The Engineer Master II Pilot GMT Photo Review
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  1. #1
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    The Engineer Master II Pilot GMT Photo Review

    The Engineer Master II Pilot GMT




    The Pilot GMT is a "Métrailler", as in a watch that's designed by Megan Metraillier, the former Jaeger-LeCoultre designer who created the 'Ball for BMW' watch collection. In interviews describing the creation of Ball for BMW, she described that collection as an attempt to intersect the worlds of Ball watches and BMW cars. By comparison, the Pilot GMT is less ambitious. Rather than creating an entire new collection, the Pilot GMT is a new model in an existing and popular part of the core Ball product line; the Engineer Master II series.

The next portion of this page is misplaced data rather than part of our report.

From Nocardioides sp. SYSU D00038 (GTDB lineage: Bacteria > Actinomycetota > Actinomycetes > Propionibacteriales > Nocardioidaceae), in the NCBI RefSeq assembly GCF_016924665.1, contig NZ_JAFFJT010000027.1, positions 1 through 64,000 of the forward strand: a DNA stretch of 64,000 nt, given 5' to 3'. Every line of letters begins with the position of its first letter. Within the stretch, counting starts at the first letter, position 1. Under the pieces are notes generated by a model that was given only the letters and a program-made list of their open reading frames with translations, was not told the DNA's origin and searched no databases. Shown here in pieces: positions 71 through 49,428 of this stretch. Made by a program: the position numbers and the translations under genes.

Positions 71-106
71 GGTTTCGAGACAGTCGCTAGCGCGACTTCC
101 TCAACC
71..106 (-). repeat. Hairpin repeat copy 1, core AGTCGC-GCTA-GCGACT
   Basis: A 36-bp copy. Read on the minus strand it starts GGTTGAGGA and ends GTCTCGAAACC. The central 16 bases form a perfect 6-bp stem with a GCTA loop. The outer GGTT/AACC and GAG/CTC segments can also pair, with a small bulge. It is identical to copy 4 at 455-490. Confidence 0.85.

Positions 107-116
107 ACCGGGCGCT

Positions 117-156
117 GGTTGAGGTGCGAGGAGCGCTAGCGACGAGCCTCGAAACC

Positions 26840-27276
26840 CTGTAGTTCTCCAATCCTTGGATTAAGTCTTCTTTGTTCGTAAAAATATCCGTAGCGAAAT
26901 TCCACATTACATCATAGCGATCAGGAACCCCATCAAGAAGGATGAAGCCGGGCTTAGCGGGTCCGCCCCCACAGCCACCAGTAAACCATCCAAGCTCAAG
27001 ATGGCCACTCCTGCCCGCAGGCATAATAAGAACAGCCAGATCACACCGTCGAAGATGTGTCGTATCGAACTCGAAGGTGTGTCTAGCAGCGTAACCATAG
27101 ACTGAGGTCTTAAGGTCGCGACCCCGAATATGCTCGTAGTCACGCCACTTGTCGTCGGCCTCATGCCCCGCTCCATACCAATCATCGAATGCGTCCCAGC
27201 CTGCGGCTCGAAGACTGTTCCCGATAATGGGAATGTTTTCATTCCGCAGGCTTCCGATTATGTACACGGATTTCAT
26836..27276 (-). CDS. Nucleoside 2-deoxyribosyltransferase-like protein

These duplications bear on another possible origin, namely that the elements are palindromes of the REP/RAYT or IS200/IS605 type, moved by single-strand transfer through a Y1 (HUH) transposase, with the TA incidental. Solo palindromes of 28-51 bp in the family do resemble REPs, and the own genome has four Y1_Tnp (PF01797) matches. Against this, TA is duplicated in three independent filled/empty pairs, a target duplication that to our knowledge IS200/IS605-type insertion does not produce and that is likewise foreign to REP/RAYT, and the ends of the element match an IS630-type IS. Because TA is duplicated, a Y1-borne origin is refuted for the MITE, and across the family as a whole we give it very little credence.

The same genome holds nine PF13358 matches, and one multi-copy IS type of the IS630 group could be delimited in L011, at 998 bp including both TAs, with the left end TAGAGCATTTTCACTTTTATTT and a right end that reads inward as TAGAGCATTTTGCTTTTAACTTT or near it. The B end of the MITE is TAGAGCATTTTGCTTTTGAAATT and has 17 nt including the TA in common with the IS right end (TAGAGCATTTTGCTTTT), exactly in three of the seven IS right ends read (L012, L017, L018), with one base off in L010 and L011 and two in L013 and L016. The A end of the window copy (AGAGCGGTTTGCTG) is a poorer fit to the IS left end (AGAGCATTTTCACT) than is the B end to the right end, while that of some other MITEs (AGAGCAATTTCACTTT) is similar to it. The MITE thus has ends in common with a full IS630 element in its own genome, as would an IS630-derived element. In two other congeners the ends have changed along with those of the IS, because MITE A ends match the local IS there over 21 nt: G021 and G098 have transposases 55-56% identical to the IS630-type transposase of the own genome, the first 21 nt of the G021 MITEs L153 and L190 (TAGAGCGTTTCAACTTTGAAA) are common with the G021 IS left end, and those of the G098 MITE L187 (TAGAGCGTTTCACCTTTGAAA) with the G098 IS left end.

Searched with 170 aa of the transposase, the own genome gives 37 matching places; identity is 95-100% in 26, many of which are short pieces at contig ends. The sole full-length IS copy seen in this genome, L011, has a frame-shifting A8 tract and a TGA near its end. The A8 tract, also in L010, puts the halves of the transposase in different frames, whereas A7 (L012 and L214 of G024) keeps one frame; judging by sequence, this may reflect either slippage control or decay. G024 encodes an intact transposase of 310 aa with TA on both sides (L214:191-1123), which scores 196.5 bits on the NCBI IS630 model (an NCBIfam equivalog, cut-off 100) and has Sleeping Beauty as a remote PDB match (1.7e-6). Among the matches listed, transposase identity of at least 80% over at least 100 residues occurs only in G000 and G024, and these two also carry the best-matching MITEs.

Since the Engineer Master II series now has a new model with a new designer, it's a great opportunity to think about the collection as a whole and to try and define it. The Engineer Master II series is the sport range of Ball watches and are lighter in scale than the Engineer Hydrocarbon collection of "tool" watches. While the Hydrocarbons are unified by their extreme shock resistance, incredibly distinctive crown protectors, and temperature resistant oil, the Engineer Master II collection is a little less rugged, and with a few exceptions are themed towards diving or aviation.

    Since we became a Ball dealer in 2005, the most popular Engineer Master II watches have been the Engineer Master II Diver, Aviator series, and Skin Diver models. While the Pilot GMT has much in common with the other popular models in the series, its use of sunken tritium tubes, thinner case, and elaborate dial all provide features we haven't seen before in an Engineer Master II.